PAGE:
When we think of a good product management team, quite often what comes to mind is a well-organized team, one with lots of structure that is harmoniously focused on planning, creating, managing, and launching products without any issues, delays, or interruptions. When we look at industry models, such as this one from the 280 Group that defines product management as the central point of communication, we think the product manager’s job is always well-defined, coordinated, and structured at any company, regardless of size.

However, as a product manager, you already realize that your day and your week probably look a lot more like this model. With this kind of chaos, you may worry about how to move your organization to the next level – how do you get from good to exceptional? Most days you’re probably feeling cornered and overwhelmed; you have too many responsibilities and are always answering to so many people and teams, and sometimes you may even feel like you are speaking a foreign language with other areas in your organization. While most days, the industry and general sentiments may make you feel alone in this chaotic product world, the good news is you are never really alone. Keeping in mind that there is no one-size-fits-all approach or solution, here is a guide for product managers across the globe with four key pillars for success no matter the size of the organization or industry:

1. Focus on cross-functional and cultural team alignment

Alignment of people is essential to produce results – a team that cannot function together effectively will not produce. Managing cross-functional teams is a complex endeavor by itself, but it becomes even more challenging when the cross-cultural component is added to the mix. To move forward you must find a way to break down communication barriers and relearn how to collaborate effectively. Sometimes that means that you must evaluate your own methodologies as a leader. Maria explained how her team worked in a different city than she did. While they all worked in the same country, the culture of the two cities was very different. She notes “I had a very strict mindset and approach to the way I thought we needed to work to deliver on time; I expected others to work the same way I did. I did not understand why work had to stop when there was a soccer game during office hours.” “What I didn’t realize was that watching the game was part of building a community, establishing trust and meaningful connections that actually improved their performance. It took me a while to understand my team, how they worked, what motivated them, and their passions.”

2. Figure out where you want to go. What are the tools that you need and how can you adapt them to your unique situation?

Sometimes, it’s hard to ensure everyone is striving towards the same strategic goals when individuals are working and thinking independently and are members of very diverse teams. Take a step back reevaluate the roadmap and try to align strategy, planning, and people. “In my case,” explained Maria, “we started with the exercise of defining our north star, hoping that with this common goal, we could keep everyone in the company focused on the most important metric that drives customer and business value.” Defining clear goals, direction, and metrics with the way people work will help people move harmoniously together by encouraging participation and getting teams excited about the future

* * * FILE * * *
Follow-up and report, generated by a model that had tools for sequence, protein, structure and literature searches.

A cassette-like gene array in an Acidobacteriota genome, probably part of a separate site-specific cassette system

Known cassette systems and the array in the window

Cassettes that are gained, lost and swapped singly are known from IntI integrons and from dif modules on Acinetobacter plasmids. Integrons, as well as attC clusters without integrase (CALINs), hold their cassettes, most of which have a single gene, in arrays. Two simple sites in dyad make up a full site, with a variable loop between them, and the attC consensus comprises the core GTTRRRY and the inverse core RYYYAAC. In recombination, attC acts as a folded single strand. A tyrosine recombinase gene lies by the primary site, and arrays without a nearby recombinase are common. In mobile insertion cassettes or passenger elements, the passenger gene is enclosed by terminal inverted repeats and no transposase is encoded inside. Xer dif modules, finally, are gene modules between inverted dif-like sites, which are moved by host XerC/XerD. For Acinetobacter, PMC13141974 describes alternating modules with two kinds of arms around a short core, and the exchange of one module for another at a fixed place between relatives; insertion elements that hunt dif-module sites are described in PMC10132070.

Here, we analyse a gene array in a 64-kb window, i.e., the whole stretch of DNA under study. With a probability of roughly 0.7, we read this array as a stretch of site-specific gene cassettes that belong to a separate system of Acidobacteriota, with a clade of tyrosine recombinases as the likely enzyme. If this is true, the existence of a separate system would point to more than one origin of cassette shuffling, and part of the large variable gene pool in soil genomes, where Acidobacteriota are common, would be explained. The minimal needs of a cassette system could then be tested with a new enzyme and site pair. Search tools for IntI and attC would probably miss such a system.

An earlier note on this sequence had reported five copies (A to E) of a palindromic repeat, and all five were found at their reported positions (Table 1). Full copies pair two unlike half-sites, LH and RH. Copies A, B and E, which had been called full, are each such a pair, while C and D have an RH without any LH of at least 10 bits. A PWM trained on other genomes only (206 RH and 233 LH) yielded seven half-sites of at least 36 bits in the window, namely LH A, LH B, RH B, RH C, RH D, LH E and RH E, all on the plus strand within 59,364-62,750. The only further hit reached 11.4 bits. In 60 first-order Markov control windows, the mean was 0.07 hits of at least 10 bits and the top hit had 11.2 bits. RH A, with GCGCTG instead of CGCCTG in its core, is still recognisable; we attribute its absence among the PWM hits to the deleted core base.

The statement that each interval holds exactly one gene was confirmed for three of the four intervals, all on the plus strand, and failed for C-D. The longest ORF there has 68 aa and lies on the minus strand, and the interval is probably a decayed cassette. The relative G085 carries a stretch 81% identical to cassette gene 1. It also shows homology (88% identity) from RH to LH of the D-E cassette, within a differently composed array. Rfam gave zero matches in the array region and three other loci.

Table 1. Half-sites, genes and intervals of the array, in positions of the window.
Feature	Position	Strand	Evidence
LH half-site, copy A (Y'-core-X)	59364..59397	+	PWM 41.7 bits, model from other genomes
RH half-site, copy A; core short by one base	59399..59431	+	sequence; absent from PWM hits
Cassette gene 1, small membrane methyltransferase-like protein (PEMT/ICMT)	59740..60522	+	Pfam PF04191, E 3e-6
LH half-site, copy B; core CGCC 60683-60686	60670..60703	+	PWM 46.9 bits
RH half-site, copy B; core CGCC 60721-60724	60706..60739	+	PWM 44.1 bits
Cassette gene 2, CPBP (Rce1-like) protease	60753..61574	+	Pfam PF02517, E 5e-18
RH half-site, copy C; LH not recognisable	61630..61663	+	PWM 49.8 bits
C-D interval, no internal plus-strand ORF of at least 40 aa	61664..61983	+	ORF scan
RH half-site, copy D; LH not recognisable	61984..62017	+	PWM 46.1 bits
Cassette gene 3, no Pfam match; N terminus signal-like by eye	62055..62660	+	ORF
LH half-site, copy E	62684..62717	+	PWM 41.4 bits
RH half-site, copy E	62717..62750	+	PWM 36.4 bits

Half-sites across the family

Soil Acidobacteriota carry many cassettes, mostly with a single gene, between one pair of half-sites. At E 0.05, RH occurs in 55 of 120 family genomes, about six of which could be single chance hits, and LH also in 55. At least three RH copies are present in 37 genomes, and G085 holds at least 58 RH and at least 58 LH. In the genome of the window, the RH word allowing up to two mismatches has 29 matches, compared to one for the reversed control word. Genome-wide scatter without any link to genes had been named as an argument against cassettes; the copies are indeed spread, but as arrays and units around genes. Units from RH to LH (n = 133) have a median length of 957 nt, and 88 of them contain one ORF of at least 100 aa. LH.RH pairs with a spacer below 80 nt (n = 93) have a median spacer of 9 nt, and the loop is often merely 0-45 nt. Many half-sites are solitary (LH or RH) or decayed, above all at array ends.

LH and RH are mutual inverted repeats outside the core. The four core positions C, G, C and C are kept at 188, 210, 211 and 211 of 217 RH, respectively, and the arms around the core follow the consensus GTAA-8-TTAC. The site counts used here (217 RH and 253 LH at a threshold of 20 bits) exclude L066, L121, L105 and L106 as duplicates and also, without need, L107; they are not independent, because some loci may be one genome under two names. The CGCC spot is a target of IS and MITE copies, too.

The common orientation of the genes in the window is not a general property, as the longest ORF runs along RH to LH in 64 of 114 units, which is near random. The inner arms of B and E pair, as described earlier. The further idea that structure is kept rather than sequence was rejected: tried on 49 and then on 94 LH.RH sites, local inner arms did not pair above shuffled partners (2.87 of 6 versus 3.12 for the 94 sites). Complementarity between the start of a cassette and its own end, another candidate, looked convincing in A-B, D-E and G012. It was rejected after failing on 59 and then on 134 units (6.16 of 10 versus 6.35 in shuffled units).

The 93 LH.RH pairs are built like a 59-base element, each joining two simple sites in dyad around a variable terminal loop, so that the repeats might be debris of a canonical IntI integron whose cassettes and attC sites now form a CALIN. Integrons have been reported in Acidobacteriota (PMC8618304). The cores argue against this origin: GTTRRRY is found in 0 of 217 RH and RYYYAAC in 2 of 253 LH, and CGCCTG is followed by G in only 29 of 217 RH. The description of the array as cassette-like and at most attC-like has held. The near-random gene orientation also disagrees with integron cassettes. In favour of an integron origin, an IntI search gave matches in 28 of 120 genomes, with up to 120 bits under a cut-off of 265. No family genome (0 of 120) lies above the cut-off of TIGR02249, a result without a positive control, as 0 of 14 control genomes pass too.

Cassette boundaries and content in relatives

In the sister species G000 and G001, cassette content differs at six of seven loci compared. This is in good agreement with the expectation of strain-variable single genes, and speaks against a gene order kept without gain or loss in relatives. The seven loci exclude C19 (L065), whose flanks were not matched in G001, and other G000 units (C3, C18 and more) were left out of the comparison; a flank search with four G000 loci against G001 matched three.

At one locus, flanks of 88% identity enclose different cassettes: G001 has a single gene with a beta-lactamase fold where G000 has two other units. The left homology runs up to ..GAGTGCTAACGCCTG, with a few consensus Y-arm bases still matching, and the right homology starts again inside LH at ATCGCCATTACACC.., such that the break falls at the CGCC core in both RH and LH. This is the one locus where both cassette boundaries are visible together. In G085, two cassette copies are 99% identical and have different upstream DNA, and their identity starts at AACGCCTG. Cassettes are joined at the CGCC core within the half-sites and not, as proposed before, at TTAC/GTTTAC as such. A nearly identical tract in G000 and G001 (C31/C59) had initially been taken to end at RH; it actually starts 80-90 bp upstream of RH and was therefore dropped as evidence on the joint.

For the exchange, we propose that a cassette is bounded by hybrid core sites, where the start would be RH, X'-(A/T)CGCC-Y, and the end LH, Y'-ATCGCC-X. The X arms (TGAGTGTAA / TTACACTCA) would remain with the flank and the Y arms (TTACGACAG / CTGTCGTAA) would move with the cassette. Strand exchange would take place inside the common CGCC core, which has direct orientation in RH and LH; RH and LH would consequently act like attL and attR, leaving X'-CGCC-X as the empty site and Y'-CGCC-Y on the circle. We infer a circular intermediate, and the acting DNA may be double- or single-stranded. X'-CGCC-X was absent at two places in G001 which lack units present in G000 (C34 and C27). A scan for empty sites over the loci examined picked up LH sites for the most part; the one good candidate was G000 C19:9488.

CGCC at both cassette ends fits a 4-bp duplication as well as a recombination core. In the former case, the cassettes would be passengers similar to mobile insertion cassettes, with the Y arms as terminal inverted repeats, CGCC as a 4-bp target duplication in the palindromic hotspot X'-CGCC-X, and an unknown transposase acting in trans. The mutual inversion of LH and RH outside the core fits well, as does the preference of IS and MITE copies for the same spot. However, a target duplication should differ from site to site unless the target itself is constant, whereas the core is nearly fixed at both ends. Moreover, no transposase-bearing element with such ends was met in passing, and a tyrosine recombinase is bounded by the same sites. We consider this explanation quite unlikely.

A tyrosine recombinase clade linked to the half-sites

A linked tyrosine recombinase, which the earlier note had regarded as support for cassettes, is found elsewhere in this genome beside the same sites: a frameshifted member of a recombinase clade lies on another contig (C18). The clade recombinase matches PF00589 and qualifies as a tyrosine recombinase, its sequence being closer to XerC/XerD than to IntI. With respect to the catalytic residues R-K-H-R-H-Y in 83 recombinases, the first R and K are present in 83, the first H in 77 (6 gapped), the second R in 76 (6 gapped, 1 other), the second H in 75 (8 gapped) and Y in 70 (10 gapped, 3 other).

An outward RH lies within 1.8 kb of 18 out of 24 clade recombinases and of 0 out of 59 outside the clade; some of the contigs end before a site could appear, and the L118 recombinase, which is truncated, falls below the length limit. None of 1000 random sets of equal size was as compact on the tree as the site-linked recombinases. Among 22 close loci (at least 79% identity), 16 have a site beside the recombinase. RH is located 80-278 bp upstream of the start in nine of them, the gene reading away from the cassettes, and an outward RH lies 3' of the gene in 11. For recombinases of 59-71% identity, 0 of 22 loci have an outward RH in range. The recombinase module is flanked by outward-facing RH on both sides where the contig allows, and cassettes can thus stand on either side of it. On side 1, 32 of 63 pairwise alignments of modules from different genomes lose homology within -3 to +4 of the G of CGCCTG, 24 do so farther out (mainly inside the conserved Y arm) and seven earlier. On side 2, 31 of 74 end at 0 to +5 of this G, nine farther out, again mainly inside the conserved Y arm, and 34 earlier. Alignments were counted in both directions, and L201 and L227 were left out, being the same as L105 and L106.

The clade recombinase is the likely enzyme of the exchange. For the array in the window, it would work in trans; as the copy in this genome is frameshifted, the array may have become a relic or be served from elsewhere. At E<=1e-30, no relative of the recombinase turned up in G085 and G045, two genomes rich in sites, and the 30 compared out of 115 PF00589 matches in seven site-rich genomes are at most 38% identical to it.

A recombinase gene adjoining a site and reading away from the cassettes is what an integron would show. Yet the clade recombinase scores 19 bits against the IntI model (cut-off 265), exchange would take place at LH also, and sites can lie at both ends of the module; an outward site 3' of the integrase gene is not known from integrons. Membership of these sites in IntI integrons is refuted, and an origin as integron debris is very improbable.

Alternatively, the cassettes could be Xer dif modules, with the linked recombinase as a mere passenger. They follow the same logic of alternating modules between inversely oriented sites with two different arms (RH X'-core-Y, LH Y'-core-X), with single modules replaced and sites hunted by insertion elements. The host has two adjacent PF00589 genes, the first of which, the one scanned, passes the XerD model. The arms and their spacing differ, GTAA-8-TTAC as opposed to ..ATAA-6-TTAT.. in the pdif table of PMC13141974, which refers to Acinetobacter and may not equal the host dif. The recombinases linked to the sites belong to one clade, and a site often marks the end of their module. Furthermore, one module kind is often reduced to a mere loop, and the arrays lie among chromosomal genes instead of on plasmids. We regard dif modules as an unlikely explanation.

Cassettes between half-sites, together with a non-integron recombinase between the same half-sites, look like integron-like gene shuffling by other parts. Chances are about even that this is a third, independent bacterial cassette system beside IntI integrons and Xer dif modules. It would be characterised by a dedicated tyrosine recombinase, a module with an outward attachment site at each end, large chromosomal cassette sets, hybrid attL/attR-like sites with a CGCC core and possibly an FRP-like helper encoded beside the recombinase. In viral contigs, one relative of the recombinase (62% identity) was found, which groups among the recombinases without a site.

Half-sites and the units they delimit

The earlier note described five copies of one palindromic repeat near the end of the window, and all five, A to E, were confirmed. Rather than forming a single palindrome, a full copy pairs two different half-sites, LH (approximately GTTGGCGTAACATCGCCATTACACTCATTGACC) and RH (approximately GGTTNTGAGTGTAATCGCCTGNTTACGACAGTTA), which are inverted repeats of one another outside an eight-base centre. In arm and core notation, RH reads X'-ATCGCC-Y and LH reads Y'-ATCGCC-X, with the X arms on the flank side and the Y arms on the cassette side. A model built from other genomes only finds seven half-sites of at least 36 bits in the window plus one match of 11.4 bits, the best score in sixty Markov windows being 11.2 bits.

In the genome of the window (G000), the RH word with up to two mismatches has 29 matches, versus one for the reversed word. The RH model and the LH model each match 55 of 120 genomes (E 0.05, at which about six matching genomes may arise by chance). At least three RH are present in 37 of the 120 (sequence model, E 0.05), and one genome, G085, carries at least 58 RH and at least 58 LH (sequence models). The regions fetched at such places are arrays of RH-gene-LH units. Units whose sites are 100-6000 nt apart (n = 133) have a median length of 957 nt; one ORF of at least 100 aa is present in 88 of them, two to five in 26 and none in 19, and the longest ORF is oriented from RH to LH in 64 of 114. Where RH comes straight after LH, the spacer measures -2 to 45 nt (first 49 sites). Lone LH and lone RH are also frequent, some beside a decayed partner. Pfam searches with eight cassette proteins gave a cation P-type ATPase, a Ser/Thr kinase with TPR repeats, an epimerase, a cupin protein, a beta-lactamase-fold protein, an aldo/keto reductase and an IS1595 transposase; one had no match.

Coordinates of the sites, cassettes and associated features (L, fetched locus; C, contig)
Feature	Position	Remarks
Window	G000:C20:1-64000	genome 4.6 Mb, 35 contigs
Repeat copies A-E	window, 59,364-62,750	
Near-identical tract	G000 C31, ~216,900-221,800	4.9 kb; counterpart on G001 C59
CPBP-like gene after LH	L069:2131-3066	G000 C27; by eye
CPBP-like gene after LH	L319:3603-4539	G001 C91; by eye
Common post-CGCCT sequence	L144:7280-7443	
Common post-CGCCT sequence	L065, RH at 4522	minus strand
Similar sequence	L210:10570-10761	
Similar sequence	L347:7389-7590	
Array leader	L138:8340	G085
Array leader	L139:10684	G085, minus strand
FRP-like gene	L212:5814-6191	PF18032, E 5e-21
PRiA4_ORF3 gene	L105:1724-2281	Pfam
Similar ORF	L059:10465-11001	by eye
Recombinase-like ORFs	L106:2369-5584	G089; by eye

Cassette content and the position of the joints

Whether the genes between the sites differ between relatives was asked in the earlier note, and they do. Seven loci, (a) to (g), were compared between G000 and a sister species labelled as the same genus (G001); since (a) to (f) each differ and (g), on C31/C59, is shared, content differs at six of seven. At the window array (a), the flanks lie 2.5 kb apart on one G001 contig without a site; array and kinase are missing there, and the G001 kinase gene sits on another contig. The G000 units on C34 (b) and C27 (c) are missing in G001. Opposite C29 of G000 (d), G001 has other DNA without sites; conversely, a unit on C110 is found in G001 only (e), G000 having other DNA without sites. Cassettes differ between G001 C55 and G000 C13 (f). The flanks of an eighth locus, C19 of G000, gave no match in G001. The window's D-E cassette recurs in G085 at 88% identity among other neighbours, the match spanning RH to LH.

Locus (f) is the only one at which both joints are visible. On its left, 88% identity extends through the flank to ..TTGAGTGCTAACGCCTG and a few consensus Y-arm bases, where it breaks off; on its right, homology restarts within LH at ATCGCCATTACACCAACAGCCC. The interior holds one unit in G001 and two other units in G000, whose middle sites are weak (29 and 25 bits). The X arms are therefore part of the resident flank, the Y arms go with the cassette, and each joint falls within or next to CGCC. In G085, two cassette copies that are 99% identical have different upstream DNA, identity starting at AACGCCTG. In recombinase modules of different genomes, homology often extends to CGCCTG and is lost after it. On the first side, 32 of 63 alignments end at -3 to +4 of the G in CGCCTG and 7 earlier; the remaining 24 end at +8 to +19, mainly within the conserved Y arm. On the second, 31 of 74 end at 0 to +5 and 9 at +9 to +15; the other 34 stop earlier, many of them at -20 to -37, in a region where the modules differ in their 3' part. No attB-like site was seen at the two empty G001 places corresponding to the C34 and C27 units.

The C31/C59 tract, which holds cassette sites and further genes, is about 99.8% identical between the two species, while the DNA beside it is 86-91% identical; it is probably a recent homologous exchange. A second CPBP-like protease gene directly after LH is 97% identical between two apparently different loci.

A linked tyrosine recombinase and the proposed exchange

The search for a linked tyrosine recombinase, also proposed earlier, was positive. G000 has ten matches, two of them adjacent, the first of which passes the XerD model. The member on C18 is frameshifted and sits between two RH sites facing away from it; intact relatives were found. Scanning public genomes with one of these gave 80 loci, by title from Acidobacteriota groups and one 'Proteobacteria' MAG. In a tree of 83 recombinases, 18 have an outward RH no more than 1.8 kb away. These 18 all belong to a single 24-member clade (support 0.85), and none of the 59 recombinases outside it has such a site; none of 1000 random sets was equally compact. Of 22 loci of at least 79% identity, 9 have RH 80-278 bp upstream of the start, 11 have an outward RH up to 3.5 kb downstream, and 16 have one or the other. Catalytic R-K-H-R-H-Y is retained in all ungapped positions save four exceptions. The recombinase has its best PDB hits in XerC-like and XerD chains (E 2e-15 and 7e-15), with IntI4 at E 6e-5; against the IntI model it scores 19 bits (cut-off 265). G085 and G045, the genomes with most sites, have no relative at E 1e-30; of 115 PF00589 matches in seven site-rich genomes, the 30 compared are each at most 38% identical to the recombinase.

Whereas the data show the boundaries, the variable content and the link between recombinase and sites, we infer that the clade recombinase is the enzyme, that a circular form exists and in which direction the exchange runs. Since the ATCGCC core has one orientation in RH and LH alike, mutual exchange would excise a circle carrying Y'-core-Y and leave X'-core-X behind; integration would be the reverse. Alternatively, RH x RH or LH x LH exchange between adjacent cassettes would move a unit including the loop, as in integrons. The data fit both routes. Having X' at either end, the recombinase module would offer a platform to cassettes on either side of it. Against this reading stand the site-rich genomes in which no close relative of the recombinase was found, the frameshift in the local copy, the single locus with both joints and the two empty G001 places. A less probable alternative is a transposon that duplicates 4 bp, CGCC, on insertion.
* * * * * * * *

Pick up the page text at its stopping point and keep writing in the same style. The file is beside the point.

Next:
3. Create an environment of empathy and trust

Empathy and trust are the foundation to successfully managing people and providing solutions that your customers need. Having empathy is what allows you to connect with your users and team to understand their experiences and motivations, and ultimately understand the problem and the pain points you are trying to solve with your product. Maria explains “Trust is always going to be essential for you as an individual, for example, if you’re looking to build a cross-functional team, that is self-directing you can’t build it without a foundation of trust and transparent communication.”

4. Scale and decentralize decision-making

By decentralizing control, you can create a more responsive and agile environment where you can act faster. While your company’s structure may not support a completely decentralized process, you can identify some types of decisions that can be decentralized. However, this is a lot easier in theory than in practice. “This is another one of those big areas where I’ve personally grown a lot,” said Maria. “I was very excited to grow my PM team and get help, but it was very hard to let go and learn to delegate and trust that my people would make the right decisions.” This is another area that may challenge your methodologies as a leader, but if you can encourage autonomy and the growth of self-directing teams you can avoid the chaos. Nobody wants to have a chaotic team.     As a product leader, focusing on the people in your organization will always help earn respect from different stakeholders. Be authentic, not perfect and put your ego aside and let the team see the real you and you’ll be on the right path toward moving from good to exceptional.  

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